Coincidence and Counterfactuality: Plotting Time and Space in Narrative Fiction

Coincidence and Counterfactuality: Plotting Time and Space in Narrative Fiction

Coincidence and Counterfactuality: Plotting Time and Space in Narrative Fiction

Coincidence and Counterfactuality: Plotting Time and Space in Narrative Fiction

Synopsis

InCoincidence and Counterfactuality, a groundbreaking analysis of plot, Hilary P. Dannenberg sets out to answer the perennial question of how to tell a good story. While plot is among the most integral aspects of storytelling, it is perhaps the least studied aspect of narrative. Using plot theory to chart the development of narrative fiction from the Renaissance to the present, Dannenberg demonstrates how the novel has evolved over time and how writers have developed increasingly complex narrative strategies that tap into key cognitive parameters familiar to the reader from real-life experience. Dannenberg proposes a new, multidimensional theory for analyzing time and space in narrative fiction, then uses this theory to trace the historical evolution of narrative fiction by focusing on coincidence and counterfactuality. These two key plot strategies are constructed around pivotal moments when characters' life trajectories, or sometimes the paths of history, converge or diverge. The study's rich historical and textual scope reveals how narrative traditions and genres such as romance and realism or science fiction and historiographic metafiction, rather than being separated by clear boundaries are in fact in a continual process of interaction and cross-fertilization. In highlighting critical stages in the historical development of narrative fiction, the study produces new readings of works by pinpointing the innovative role played by particular authors in this evolutionary process. Dannenberg's original investigation of plot patterns is interdisciplinary, incorporating research from narrative theory, cognitive approaches to literature, social psychology, possible worlds theory, and feminist approaches to narrative.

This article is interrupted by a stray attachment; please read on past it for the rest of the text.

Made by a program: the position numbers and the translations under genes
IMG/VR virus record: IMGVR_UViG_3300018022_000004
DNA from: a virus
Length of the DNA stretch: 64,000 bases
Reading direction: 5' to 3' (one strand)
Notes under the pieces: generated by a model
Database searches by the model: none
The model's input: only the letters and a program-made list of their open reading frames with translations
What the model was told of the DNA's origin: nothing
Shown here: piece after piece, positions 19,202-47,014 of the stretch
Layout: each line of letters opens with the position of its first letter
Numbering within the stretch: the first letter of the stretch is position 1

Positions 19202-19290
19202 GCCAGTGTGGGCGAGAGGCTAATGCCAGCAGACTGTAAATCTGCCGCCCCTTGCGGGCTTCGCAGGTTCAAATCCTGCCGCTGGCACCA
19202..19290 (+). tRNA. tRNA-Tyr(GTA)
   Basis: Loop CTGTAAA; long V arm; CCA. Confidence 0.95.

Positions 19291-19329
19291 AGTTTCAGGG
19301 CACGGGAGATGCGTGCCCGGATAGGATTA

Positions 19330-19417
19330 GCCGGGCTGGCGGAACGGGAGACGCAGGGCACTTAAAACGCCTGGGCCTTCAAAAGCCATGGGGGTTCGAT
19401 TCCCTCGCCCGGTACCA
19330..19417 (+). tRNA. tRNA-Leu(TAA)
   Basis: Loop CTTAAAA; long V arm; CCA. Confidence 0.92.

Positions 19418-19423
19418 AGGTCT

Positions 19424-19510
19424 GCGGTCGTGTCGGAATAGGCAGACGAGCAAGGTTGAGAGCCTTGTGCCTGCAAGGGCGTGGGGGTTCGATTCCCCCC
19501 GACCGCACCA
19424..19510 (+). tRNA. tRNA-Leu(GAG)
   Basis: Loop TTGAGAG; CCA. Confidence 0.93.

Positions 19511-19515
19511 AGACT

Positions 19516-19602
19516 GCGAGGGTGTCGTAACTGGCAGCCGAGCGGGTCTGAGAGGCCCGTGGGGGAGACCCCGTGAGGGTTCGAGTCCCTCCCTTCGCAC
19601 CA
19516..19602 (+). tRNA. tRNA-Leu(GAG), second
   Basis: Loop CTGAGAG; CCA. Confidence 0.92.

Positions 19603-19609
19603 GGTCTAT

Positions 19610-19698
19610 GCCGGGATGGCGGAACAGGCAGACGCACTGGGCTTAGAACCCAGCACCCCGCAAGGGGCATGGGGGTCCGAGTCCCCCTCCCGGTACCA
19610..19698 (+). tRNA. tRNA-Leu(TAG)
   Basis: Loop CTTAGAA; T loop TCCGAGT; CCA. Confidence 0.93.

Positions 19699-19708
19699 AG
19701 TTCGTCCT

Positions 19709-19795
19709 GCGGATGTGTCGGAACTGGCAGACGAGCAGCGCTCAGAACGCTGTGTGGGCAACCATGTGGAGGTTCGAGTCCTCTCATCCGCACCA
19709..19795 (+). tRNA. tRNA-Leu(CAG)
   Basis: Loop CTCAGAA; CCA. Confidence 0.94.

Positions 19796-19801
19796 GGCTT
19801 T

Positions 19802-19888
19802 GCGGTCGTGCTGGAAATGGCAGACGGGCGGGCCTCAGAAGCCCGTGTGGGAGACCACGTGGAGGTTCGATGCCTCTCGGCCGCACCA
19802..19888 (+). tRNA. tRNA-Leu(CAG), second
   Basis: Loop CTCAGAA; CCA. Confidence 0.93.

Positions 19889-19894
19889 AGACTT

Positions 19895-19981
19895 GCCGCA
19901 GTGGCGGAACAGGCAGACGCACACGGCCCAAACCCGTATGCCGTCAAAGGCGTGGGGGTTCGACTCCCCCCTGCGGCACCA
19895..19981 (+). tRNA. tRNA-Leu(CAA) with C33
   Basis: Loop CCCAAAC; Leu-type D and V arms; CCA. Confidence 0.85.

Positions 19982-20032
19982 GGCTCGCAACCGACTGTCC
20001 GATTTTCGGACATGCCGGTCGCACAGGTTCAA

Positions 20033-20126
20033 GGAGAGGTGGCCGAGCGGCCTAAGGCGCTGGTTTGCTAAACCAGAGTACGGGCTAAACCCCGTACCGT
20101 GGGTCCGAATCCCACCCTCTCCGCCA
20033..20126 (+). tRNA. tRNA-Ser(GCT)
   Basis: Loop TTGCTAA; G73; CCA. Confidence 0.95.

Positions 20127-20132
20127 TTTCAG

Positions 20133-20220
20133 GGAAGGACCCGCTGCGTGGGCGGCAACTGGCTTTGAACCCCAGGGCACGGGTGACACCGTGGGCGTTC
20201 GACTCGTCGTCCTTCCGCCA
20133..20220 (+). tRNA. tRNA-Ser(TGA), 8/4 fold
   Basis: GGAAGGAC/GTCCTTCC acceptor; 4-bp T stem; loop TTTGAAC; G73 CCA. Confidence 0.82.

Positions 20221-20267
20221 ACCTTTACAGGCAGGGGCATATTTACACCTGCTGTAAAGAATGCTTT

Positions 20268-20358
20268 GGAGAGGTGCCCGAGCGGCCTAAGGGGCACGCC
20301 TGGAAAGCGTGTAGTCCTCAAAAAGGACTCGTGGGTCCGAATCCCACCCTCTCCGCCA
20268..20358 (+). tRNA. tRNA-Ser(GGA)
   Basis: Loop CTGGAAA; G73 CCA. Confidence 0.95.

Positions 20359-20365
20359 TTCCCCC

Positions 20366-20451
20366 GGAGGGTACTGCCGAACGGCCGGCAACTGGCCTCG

Excerpt

This book has a long history, the essentials of which can be narrated in terms of fortunate convergences and counterfactuals. The story begins at the University of Mainz in 1992 in a conversation about possible topics for a postdoctoral thesis (the German Habilitation) with Wolfgang G. Müller. If, in this conversation, Professor Müller had not animated my thoughts with the suggestion that coincidence in literature would be an interesting subject to work on, then a substantial part of this book would certainly never have come into existence. I am deeply grateful to Wolfgang G. Müller for steering my thoughts in the direction of coincidence and for his subsequent encouragement of my project.

Following these beginnings, if Professor Helmut Bonheim had not given me the opportunity to join the English Department at the University of Cologne, thereby providing me with a firm basis from which to pursue an academic career in the field of English literature, then I would certainly never have had the opportunity to interact with a lively community of narrative theorists in Cologne, in particular Richard Aczel, Andrea Gutenberg, Barbara Korte, Ansgar Nünning, Manfred Jahn, Claudia Sternberg, and Natascha Würzbach. Without Helmut's kind and constructive support, I would have missed a key chance to become involved in the field of narrative studies.

I am also deeply indebted to Monika Fludernik, who subsequently gave me the opportunity to work at the Department of English at the University of Freiburg and in doing so provided the framework for me to complete my Habilitation and also, in parallel, to begin work in the field of postcolonial anglophone studies. In Freiburg I also began working on a separate project exploring counterfactuals and alternate worlds in narrative fiction, and it was then that I decided to merge the two projects into a single diachronic study of parallel plot developments. I am deeply grateful to Professor Fludernik for encouraging me to extend the . . .

Search by... Author
Show... All Results Primary Sources Peer-reviewed

Oops!

An unknown error has occurred. Please click the button below to reload the page. If the problem persists, please try again in a little while.